A Comprehensive Guide


By Zoe Mendelson

Illustrated by Maria Conejo

Foreword by Heather Corinna

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$35.00 CAD

This item is a preorder. Your payment method will be charged immediately, and the product is expected to ship on or around August 3, 2021. This date is subject to change due to shipping delays beyond our control.

Written by the creators of the popular website, this rigorously fact-checked, accessible, and fully illustrated guide is essential for anyone with a pussy.

If the clitoris and penis are the same size on average, why is the word “small” in the definition of clitoris but strangely missing from the definition of penis? Sex probably doesn't cause yeast infections? But racism probably does cause BV? Why is masturbating so awesome? How hairy are butt cracks . . . generally? Why is labiaplasty on a global astronomical rise? Does egg freezing really work? Should I stick an egg-shaped rock up there or nah?

There is still a shocking lack of accurate, accessible information about pussies and many esteemed medical sources seem to contradict each other. Pussypedia solves that with extensive reviews of peer-reviewed science that address old myths, confusing inconsistencies, and the influence of gender narratives on scientific research––always in simple, joyful language.  

Through over 30 chapters, Pussypedia not only gives the reader information, but teaches them how to read science, how to consider information in its context, and how to accept what we don't know rather than search for conclusions. It also weaves in personal anecdotes from the authors and their friends––sometimes funny, sometimes sad, often cringe-worthy, and always extremely personal––to do away with shame and encourage curiosity, exploration, and agency.

A gift for your shy niece, your angsty teenager, your confused boyfriend, or yourself. Our generation's Our Bodies, Ourselves, with a healthy dose of fun.


A New Definition of Pussy

WE PROPOSE A NEW GENDER-AND-ORGAN-INCLUSIVE USE OF THE WORD THAT MEANS some combination of vagina, vulva, clitoris, uterus, urethra, bladder, rectum, anus, and—who knows—maybe some testes.

The word vagina comes from the Latin word for “sword holder.” We are not down with the idea that vaginas exist as objects of service to penises. Also, vagina only refers to the canal. If we call the whole thing a vagina, we ignore a bunch of other important parts, including everything you see on the outside and the clitoris, which is made of the same tissues as a penis, about the same size as one, and responsible for our orgasms. (We wish we didn’t have to refer back to penises to make this point about how important the clitoris is!) If we call it a vulva, we ignore the vagina and everything else inside. Also, there wasn’t an available word that could include all of these parts plus testes, which some intersex people with pussies have! Like what if we had words for foot, shin, calf, knee, and thigh but no word for leg? We picked pussy because it had no prior specific definition, because you smile when you say it, it’s used around the world, and because it’s historically offensive, which is fun. We’re taking pussy back cuz we like it. We hope you like it too.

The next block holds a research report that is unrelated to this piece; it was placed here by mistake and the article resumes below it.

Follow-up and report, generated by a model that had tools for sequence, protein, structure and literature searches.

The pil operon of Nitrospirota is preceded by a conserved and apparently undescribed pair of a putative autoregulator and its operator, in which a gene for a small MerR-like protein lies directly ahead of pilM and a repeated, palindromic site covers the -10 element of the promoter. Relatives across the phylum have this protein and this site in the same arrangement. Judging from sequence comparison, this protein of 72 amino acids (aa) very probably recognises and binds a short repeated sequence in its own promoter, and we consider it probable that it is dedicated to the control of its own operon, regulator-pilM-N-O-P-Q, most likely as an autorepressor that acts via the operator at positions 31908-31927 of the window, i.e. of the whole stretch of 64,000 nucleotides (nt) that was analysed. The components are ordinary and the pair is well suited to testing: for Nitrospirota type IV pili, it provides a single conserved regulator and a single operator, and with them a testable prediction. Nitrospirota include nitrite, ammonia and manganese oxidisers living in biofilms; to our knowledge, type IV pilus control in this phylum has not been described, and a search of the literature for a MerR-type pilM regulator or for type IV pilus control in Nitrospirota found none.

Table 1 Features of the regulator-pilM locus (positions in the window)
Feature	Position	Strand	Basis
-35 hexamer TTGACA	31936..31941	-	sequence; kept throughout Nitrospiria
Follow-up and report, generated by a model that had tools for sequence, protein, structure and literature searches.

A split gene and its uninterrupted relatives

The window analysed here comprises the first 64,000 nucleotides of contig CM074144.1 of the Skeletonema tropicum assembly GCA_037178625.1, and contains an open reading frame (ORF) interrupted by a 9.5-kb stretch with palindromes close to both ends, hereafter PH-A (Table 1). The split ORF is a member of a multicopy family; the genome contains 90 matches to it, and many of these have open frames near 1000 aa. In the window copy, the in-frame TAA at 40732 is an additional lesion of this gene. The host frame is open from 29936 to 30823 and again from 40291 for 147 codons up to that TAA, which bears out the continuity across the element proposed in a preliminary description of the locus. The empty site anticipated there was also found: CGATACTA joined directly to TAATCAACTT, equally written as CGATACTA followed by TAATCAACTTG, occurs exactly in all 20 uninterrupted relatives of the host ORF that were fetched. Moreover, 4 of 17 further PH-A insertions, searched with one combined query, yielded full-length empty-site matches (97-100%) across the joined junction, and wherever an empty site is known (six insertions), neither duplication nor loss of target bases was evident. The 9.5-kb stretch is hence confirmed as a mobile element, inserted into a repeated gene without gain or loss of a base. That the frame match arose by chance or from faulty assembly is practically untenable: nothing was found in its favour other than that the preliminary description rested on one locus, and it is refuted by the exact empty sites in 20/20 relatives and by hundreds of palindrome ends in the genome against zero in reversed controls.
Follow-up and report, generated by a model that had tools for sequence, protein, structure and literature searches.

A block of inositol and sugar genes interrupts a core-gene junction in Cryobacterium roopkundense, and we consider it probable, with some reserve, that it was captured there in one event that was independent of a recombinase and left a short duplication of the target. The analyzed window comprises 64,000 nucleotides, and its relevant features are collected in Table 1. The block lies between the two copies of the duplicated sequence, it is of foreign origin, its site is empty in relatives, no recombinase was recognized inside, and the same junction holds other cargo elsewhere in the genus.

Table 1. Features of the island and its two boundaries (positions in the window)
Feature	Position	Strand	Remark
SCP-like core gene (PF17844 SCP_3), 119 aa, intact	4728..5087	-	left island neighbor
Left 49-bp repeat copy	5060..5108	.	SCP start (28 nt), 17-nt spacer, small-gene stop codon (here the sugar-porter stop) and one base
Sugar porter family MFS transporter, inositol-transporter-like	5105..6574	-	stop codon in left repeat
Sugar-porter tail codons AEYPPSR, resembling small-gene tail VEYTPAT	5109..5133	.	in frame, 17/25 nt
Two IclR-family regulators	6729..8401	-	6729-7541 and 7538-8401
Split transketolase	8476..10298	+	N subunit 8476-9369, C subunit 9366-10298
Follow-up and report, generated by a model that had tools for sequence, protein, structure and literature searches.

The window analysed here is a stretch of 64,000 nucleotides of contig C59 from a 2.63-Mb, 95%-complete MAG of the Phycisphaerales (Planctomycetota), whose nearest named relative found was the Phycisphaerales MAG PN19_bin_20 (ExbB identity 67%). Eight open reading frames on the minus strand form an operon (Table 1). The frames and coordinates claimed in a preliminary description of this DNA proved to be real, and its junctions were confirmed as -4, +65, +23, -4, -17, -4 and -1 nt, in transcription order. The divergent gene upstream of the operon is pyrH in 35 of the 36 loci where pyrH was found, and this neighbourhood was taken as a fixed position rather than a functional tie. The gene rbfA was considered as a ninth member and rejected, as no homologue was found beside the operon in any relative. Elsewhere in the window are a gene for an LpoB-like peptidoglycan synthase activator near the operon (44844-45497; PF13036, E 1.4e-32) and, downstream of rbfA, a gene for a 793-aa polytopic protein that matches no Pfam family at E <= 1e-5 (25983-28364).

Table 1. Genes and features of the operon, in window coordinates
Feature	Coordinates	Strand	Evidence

A Medical Disclaimer


Pussypedia is not a substitute for professional medical advice, diagnosis, or treatment. It is for general education purposes only. Pussypedia is not a replacement for going to the doctor. Don’t delay going or not go to the doctor because of what you read here. When in doubt, always go to the doctor. Oh, and don’t go against what your doctor said because of what you read here.

Thanks, we love you.



My single mother often worked double shifts or night shifts. Sometimes, Ms. Smith, my sister’s first-grade teacher, would spend the night with us if it was going to be an all-nighter.

One night, as we were getting into the massive nightgowns my mother liked for us (did she want us to get strangled in our sleep?), Ms. Smith noticed that we were leaving our underpants on. “You should really take those off when you sleep,” she said. My mom grew up super Catholic—modesty was often the order of the day, so I was wary but also always interested in any potential rule-breaking.

“You’ve got to let it breathe at night,” she said. “It needs to get some air.”


As time went on, I learned many more things about my cunt and its cohorts from far more people and places, but what was often most impactful, what I remember the most—and I’m reaching at a point in my life where the impact of a thing is easily measured by my ability to remember it—was usually the most real. The most human and straightforward. Funny; awkward without shame. Sometimes even rude now and then, but always still smart, and never mean. Delicious, on occasion. Smelly, sometimes. Reverent, but not in a churchy way.

Like the first copy of Our Bodies, Ourselves on my mother’s bookshelf, and then later, my own; what I’d learn from friends and from more-than-friends (what in mixed company we refer to as “field research”); the one truly excellent gynecologist I was able to encounter as a patient in public health; the street; the feminist bookstore; smut. Also, you could honestly teach a whole—and highly detailed—sexual anatomy class using nothing but Irish limericks.